The Top Personal Finance Tips For Recent Graduates; From 10 different Finance Experts

iStock_000012942881XSmall“Learn to live within your means right out of the gate.” – Manisha Thakor, CFA

Manisha has an MBA from Harvard and serves as a Financial Fellow at Wellesley College. She runs MoneyZen Wealth Management, and has a financial blog geared toward helping women master their finances

“How we handle our money early in life can impact us in future years- for example, young adults who rely on credit may find themselves continuing this pattern throughout life and consumed with debt.” –Kimberly Foss, CFP, CPWA

Kimberly Foss is the founder and president of Empyrion Wealth Management Inc. She is passionate about working with women in transition (widows, divorcees) as well as small-business owners, pre-retirees, retirees, Generation X and Y, and all the people in between.

“If Gen Y expects a similar lifestyle to their parents, they need to be consciously tackling their debt, managing spending habits and preparing for their financial future.” –Andy Josuweit,

Andy Josuweit is the CEO of Student Loan Hero, which helps students to organize, manage, and repay their student loans.

“Did you know that one of the biggest barriers to financial success is organization? That’s right, it’s that simple.” –Kimberly Palmer

Palmer’s Planners is a series of financially-themed planners to help you navigate life events and goals. Kimberly writes books, columns, and blogs; you can sign up to receive her newsletter too.

“Concentrate more on saving than investing. It’s a lot easier to save your way into a secure future than to invest your way there.” –Tom Brakke, CFA

A consultant, writer, and investment advisor, Tom specializes in investment policy strategy.

“From Day One, it is crucial to set aside some portion of each paycheck toward a retirement account.” –Rafael Pardo

Raphael is a professor of Law at Emory University and specializes in bankruptcy and commercial law.

“My advice today to young graduates and those beginning their careers is slightly more complex. Two words: ‘Human Capital.’ We usually think that wealth is built through money management, but just as important is the management of another sort of capital- namely, the education, training, skills and experience that an individual brings to the workplace. These resources require investment, monitoring, rebalancing and diversification throughout one’s life to produce the highest possible risk-adjusted returns.” –Eleanor Blayney, CFP

Eleanor is a Consumer Advocate and helps consumers take control of their personal finances.

“It’s better to save a minimal amount than not to save anything.” –Charles Rotblut, CFA

Charles is a writer, editor, and speaker. He is the vice president of the American Association of Individual Investors and authors a weekly Investor e-newsletter.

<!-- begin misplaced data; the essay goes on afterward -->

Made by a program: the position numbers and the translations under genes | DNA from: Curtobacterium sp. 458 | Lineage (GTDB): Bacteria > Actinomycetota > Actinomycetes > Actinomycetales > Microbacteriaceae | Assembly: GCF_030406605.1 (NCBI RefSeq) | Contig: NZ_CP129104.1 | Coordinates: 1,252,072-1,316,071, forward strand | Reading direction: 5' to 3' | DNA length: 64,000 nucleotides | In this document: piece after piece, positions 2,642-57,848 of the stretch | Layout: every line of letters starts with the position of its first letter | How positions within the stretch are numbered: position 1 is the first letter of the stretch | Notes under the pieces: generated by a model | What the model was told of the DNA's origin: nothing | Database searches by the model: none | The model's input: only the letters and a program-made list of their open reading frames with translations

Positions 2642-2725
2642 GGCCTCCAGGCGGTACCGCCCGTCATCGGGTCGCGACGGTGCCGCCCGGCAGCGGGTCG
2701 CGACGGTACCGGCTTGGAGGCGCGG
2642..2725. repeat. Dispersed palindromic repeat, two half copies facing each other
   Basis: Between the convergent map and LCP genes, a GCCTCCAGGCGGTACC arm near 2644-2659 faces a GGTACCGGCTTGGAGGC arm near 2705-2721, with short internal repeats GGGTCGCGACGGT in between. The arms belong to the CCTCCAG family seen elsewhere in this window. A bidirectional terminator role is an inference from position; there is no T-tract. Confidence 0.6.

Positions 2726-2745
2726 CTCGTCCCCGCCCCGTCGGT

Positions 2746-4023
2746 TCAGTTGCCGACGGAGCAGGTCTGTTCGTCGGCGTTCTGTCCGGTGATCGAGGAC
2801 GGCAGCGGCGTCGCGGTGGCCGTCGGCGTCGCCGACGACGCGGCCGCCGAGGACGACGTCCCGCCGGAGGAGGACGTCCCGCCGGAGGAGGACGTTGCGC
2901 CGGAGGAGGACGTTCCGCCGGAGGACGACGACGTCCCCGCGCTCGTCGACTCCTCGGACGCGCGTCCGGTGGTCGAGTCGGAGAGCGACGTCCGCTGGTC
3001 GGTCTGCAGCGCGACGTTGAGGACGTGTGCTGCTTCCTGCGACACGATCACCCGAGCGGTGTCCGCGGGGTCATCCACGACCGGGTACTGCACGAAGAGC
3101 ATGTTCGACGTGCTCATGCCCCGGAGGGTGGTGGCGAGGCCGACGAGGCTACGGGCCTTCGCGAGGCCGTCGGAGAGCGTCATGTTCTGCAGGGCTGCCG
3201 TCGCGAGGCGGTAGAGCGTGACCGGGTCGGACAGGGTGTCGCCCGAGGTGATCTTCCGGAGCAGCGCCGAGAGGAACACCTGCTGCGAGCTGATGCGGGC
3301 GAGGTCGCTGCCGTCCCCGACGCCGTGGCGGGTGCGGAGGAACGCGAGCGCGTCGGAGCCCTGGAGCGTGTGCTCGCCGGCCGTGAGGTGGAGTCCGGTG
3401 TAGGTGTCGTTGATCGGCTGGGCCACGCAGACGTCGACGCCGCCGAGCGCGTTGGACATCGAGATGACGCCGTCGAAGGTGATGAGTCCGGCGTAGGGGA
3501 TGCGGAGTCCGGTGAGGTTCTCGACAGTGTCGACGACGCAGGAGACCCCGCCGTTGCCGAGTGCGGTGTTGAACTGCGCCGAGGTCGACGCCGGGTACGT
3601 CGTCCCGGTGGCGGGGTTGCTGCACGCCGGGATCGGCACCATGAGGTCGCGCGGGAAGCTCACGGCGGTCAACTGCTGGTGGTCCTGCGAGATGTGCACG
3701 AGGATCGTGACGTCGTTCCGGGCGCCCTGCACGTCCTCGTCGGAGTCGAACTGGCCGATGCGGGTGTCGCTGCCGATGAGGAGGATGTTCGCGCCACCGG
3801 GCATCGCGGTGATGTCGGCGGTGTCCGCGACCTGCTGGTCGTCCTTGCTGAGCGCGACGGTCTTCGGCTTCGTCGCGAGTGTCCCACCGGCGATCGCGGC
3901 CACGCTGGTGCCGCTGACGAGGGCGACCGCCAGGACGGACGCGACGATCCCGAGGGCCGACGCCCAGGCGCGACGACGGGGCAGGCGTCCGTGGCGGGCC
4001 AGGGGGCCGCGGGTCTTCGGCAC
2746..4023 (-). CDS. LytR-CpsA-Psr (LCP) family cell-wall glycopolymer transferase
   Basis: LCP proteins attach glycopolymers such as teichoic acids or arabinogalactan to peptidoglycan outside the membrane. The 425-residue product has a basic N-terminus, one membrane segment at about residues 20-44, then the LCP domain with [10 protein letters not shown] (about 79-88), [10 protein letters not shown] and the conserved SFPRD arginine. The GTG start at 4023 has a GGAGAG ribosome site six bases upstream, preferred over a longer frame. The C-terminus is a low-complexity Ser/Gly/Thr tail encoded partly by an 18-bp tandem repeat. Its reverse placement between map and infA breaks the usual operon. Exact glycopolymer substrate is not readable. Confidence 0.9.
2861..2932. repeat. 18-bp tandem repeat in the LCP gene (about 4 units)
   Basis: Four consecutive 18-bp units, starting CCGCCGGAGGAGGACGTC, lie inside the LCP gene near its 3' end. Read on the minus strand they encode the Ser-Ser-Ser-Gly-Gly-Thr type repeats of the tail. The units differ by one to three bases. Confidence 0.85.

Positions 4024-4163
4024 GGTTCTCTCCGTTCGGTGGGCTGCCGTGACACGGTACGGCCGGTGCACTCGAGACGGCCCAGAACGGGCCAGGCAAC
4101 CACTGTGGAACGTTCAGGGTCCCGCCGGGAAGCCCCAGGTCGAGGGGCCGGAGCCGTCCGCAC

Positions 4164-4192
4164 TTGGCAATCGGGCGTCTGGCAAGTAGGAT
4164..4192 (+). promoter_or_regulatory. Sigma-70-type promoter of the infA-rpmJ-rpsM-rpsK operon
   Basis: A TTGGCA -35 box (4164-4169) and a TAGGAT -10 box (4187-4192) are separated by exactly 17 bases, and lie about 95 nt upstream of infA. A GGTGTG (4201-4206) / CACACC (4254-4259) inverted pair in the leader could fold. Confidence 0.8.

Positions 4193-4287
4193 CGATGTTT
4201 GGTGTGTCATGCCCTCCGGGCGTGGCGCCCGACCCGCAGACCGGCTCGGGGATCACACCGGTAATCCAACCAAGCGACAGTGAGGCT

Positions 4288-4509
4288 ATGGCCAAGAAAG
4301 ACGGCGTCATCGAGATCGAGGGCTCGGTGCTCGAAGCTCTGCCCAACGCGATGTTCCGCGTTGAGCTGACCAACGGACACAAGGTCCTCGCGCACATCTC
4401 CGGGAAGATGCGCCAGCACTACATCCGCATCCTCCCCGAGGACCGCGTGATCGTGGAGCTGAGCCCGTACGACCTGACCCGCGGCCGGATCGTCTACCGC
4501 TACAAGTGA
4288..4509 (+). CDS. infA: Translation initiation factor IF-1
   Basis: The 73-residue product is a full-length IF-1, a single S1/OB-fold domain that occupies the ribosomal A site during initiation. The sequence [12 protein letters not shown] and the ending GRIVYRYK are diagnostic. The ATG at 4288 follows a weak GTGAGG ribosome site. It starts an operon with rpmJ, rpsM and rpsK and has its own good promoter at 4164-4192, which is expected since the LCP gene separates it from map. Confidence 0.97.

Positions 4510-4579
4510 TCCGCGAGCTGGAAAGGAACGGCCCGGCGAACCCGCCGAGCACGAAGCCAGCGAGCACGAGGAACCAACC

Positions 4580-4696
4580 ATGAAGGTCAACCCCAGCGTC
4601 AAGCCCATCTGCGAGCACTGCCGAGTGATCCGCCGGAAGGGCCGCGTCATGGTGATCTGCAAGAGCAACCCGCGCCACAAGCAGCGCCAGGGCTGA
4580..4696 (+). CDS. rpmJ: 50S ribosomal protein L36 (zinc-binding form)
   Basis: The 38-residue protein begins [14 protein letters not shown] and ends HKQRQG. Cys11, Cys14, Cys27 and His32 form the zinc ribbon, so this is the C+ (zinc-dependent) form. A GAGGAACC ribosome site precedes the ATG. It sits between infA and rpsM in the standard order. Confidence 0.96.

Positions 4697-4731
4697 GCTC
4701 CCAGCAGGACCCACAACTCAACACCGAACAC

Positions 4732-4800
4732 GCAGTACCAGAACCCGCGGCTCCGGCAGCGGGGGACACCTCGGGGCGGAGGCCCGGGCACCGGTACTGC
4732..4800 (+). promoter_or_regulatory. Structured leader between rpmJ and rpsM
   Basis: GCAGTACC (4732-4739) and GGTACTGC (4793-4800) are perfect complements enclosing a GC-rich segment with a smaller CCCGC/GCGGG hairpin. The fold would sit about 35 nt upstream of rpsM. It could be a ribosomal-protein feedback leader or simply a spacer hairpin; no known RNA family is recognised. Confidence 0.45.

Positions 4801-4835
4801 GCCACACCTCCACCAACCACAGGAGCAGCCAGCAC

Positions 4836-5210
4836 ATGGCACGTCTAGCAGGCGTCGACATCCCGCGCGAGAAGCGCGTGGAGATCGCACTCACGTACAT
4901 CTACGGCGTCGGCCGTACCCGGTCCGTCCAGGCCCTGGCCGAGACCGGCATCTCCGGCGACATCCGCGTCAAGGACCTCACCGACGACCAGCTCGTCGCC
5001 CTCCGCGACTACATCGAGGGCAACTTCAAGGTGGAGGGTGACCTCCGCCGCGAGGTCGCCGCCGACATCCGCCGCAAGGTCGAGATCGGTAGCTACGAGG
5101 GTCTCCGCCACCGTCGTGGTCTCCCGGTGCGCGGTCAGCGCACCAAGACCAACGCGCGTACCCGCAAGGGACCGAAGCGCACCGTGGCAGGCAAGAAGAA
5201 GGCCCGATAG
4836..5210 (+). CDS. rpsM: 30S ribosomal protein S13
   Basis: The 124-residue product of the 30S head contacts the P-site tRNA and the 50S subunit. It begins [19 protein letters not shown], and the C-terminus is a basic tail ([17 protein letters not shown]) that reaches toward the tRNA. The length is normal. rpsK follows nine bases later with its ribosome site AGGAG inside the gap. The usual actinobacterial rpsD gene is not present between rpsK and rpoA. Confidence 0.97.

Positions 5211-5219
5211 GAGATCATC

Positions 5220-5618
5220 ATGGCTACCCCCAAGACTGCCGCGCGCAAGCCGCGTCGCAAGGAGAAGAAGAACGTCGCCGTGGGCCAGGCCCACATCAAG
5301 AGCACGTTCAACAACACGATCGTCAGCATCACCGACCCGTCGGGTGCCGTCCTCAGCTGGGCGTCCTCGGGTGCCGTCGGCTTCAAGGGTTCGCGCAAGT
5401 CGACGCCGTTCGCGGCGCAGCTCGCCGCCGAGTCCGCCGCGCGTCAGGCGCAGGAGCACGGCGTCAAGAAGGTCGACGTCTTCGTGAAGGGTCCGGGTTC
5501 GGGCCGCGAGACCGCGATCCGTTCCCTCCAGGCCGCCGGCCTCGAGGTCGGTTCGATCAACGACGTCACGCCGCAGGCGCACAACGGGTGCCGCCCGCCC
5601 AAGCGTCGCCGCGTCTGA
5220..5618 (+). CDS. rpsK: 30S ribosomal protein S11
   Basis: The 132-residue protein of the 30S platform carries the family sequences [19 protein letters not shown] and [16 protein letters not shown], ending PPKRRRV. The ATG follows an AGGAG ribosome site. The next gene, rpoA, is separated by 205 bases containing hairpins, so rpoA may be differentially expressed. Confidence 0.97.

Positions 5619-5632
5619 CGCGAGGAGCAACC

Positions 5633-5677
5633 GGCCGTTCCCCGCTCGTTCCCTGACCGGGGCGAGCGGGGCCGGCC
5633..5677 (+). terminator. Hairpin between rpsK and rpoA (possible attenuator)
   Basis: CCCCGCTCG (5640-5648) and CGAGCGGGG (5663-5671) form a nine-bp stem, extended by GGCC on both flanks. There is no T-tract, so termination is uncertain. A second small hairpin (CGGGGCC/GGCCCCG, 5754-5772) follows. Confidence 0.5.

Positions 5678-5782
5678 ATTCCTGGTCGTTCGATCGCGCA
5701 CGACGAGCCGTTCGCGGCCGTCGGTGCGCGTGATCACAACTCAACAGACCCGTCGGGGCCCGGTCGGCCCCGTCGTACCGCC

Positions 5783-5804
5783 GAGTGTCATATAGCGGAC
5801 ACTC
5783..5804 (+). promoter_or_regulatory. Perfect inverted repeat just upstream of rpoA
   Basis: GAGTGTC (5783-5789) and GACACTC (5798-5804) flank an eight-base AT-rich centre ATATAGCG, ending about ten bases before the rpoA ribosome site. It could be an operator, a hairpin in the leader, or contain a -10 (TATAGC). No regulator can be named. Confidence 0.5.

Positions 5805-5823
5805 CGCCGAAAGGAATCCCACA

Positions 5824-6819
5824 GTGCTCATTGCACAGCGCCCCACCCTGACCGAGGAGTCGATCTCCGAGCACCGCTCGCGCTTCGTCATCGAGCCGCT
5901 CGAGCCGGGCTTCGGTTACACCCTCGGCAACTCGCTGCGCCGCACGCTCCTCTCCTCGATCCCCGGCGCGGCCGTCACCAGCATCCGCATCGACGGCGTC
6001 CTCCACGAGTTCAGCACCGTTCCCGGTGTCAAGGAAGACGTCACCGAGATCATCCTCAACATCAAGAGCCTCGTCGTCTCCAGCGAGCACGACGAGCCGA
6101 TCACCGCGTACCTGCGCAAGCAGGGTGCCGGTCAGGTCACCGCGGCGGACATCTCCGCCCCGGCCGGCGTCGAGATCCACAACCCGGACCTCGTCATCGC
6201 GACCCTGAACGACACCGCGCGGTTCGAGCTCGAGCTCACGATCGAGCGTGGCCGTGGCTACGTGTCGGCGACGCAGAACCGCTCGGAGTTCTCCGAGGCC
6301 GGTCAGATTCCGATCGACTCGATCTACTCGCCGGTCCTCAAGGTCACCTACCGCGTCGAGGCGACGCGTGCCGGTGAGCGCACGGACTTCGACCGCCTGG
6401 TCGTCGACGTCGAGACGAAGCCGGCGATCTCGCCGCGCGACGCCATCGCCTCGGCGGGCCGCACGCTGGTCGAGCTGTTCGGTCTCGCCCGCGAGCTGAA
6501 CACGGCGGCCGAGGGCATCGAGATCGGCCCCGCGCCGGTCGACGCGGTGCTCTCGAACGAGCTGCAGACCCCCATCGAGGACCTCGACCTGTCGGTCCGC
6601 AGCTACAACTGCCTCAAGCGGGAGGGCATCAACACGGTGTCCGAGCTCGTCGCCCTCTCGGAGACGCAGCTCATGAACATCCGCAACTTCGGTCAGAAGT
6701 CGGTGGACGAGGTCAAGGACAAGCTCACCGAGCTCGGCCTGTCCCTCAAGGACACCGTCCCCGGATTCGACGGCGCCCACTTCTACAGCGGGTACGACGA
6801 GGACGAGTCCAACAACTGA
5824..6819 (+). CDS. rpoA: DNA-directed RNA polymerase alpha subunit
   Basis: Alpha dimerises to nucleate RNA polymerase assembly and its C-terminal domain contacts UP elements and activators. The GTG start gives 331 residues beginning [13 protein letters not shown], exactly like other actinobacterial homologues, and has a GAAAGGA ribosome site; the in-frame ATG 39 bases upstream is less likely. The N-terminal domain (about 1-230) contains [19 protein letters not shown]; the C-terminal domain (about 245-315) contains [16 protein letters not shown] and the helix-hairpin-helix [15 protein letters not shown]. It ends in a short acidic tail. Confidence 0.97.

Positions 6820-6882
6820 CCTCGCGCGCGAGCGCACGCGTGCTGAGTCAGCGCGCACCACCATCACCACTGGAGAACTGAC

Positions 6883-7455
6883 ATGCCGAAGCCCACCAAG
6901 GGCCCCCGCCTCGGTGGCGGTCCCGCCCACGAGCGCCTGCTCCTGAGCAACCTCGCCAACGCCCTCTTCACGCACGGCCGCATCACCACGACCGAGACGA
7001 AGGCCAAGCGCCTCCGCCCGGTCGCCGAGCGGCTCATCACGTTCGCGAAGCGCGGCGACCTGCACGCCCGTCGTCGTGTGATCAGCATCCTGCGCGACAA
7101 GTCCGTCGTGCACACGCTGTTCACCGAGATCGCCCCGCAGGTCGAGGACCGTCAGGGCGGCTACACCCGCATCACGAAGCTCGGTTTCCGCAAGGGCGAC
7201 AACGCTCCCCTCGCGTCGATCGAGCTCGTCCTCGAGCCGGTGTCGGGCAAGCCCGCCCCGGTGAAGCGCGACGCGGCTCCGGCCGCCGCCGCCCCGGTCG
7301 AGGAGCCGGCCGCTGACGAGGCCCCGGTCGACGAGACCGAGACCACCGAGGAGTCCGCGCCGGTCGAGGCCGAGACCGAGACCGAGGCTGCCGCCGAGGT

“Nothing helps you sleep better at night than knowing you have money tucked away for a rainy day… The best way to get this habit started is by having money directly deposited from your paycheck into a dedicated savings account.” –Greg McBride, CFA

Greg McBride is a senior financial analyst and vice president at He is known for both in-depth commentary and practical advice for consumers.

“You should be laser focused on getting rid of any student loans or credit cards. Start an aggressive debt payoff schedule. Debt is your enemy, so don’t get comfortable with holding on to debt.” –Michelle Perry Higgins

Michelle is a financial planner who specializes in wealth management. She is also a mentor to college students entering the financial planning profession.


Bio: My name is Kevin Watts and like millions of people I am in student debt. I have created Graduating From Debt, a site aimed to help people, as well myself get out of debt, gain financial freedom and ultimately make money work for you.


The Top Personal Finance Tips For Recent Graduates; From 10 different Finance Experts — 7 Comments

  1. Great advice. I love the point about expecting a certain lifestyle. No matter where we come from, there’s very little in life that’s simply handed to us. Even the most fortunate of us can blow it all with bad habits. If we want a certain lifestyle we have to figure out how to work to get it.

  2. When you are a student you are used to living lean so it is easier to keep doing so for a few months or a year than trying to live it up and paying the price for years afterward.

Leave a Reply

Your email address will not be published. Required fields are marked *

I appreciate your readership and really enjoy hearing your thoughts on different topics. Thank you for contributing to the discussion.